The company, which has just completed a second year of planting at one of its first projects in Sierra Leone, aims to generate high-quality carbon credits to help large buyers meet their net-zero commitments.
Klimat X has announced new milestones in its plan to scale up its activities as a provider of high-quality carbon credits sourced from afforestation and reforestation projects developed and owned by the company and its stakeholders.
The company, founded two years ago, said it had completed a second year of planting at one of its projects in Sierra Leone and that prerequisites had been met for a second disbursement of $500,000 under a pre-purchase agreement reached in mid-2023 with a Fortune 500 company.
Klimat X, headed by impact investor and academic James Tansey, is developing or seeking to develop nature-based carbon assets in several countries, including Mexico, Guyana and Suriname, in addition to Sierra Leone. In addition to terrestrial projects using native species, the company also has projects focused on restoration and conservation of mangroves. These are one of the most effective plant species for carbon sequestration and popular as a cost-effective way of generating carbon credits, as well as helping to protect coastlines and provide important natural habitats.
Vancouver-based chief executive officer Tansey told Impact Investor that rising demand for high-quality carbon credits had attracted him back to a sector he had been involved in for around a decade. Tansey had worked on projects in North America and the developing world, before he stepped away from it in 2015-16 at a time when the market was faltering. He returned to found Klimat X with his partners in 2021, listing it on the Toronto Stock Exchange.
To illustrate potential demand for credits, he cited figures from the Science-based Targets Initiative (SBTi), estimating that at the end of 2022, more than 4,000 companies covering over a third of the global economy’s market capitalisation, were setting targets to reduce or eliminate their net carbon emissions, or committing to do so via the SBTi.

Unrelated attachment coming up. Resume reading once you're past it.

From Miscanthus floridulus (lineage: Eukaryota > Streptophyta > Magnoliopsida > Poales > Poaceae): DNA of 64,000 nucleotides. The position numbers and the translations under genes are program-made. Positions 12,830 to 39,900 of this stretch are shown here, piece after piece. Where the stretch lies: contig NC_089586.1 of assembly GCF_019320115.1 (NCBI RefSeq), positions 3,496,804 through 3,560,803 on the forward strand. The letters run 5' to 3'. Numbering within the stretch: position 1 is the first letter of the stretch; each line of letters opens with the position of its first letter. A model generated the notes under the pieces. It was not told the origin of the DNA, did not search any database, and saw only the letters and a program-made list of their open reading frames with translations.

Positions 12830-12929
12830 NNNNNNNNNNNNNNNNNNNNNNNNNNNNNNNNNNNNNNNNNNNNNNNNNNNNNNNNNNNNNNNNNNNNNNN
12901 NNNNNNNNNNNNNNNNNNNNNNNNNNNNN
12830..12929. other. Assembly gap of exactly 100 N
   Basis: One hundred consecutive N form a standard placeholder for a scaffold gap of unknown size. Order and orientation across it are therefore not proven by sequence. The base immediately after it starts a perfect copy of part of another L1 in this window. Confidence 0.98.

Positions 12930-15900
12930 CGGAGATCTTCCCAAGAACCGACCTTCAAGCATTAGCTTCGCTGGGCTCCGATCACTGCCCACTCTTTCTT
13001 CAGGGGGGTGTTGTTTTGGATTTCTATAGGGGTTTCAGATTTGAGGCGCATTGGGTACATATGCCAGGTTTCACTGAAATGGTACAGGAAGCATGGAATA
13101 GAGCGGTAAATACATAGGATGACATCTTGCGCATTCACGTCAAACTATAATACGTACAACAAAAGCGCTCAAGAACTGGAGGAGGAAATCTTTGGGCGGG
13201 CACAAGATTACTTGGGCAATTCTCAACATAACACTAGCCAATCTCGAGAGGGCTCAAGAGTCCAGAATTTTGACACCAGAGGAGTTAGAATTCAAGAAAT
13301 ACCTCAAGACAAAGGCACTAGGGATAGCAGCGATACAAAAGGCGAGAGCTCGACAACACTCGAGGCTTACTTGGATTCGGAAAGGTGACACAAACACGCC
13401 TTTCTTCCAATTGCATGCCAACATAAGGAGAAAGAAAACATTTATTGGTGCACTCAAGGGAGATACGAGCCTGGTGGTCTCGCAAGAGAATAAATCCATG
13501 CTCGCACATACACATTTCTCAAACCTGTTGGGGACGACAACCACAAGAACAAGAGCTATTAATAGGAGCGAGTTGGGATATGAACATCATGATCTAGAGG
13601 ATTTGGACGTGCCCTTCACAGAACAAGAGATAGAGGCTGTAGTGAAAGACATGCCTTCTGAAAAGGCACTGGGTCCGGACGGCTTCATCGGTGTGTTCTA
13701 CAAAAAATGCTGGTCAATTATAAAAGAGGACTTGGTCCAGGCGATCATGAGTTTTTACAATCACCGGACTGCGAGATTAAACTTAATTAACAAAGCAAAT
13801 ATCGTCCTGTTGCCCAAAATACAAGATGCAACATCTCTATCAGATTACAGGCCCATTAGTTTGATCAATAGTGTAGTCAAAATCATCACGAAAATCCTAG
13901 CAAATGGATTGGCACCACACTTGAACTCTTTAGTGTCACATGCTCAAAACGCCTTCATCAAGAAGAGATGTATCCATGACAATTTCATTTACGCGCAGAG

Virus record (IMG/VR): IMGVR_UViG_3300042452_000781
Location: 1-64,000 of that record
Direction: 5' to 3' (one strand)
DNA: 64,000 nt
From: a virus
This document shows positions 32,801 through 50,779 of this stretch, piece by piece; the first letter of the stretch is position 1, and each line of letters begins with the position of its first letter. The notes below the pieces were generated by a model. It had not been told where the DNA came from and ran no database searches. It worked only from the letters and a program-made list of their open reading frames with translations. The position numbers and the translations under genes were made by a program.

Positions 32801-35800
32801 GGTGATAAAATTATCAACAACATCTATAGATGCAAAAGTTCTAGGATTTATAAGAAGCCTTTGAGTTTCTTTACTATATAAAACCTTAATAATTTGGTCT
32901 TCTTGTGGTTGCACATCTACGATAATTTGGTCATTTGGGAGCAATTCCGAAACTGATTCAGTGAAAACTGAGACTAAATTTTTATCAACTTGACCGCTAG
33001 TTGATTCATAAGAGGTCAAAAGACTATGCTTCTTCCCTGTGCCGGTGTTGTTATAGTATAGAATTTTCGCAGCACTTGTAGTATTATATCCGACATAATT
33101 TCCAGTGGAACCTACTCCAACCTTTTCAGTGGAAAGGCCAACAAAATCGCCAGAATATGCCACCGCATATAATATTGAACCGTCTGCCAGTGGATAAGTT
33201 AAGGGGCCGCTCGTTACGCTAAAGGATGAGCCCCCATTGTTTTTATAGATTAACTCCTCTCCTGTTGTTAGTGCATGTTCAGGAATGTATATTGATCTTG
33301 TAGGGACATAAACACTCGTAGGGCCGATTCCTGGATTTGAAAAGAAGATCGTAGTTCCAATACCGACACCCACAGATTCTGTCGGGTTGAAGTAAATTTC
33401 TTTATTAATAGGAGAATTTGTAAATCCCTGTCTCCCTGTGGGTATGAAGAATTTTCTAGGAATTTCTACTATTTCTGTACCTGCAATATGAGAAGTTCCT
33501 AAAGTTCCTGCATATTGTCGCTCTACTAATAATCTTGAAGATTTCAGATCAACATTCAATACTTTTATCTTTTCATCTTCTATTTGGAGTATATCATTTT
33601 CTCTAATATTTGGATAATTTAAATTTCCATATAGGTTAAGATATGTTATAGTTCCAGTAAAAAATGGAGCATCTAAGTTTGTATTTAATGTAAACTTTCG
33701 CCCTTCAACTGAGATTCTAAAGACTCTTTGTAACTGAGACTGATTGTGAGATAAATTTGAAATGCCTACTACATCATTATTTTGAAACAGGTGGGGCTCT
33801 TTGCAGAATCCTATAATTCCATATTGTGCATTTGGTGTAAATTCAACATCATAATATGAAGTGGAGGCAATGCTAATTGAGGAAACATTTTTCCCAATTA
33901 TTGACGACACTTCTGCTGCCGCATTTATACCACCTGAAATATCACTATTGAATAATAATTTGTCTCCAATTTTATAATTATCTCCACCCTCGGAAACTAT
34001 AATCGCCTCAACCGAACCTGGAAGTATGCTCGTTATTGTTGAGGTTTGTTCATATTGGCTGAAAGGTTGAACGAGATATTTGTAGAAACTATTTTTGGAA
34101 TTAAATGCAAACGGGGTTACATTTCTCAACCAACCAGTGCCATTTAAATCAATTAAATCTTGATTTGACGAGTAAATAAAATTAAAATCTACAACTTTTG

Parts of the carbon credit market have had a rough ride in recent years, with environmental groups casting doubt on the effectiveness of some forms of credits in making an impact on net global carbon emissions. In particular, it is often difficult to prove that trees protected in some conservation projects generating credits would have been cut down had the project not existed – a requirement if credits are to make impact.
Companies such as Klimat X seek to allay such concerns by choosing projects that generate credits based on verifiable conservation measures alongside restoration – the benefits of the latter being more easily demonstrable, given restoration involves adding trees where there were none before.
Tansey believes large companies in sectors such as oil and gas and technology are now more wary of the reputational risk of buying carbon credits with unclear provenance, given the degree of controversy that could potentially be generated.
“When we talked to the large buyers, they said they didn’t just want to buy credits from an exchange, they want certainty around provenance and quality control within the projects. They want detailed due diligence on all of these projects, and they want to work with owner-operators, not with intermediaries or exchanges,” he says.
To set up a project, Klimat X de-risks it by making an initial capital investment, with a credits buyer then coming in with further investment via a pre-purchase agreement that funds the remainder of the cost of setting up the project.
For the Sierra Leone project, where an initial area of 5,000 hectares of land is being restored, Klimat X put in $2 million and then signed a $2.5m pre-purchase agreement with a Fortune 500 company. That firm later has the right to purchase further credits from the project at an index-linked price in the market. Klimat X said this first phase could produce up to 1.9m tonnes of validated and verified Verra carbon credits over 30 years.
Tansey estimates the project, which can be extended by a further 20,000 hectares, could generate $110m though carbon credit sales over its lifespan, describing it as a “very capital efficient model from the perspective of the markets”.
The project will restore degraded forest land owned by smallholders, providing income from carbon markets and creating employment to thousands of seasonal workers in a region with high unemployment and very low incomes, according to Klimat X.
Tansey said reforestation and afforestation projects tend to be small and scattered, creating a fragmented and inefficient sector. Klimat X’s plan is to expand projects in Sierra Leone and elsewhere to achieve economies of scale.
“It’s a bit like the Yukon Gold Rush in the 1860s, where there were lots of people scrambling around trying to find gold in the streams, but very few large industrial scale operators. Our approach is to industrialise carbon credit production and do it on a much larger scale,” Tansey said.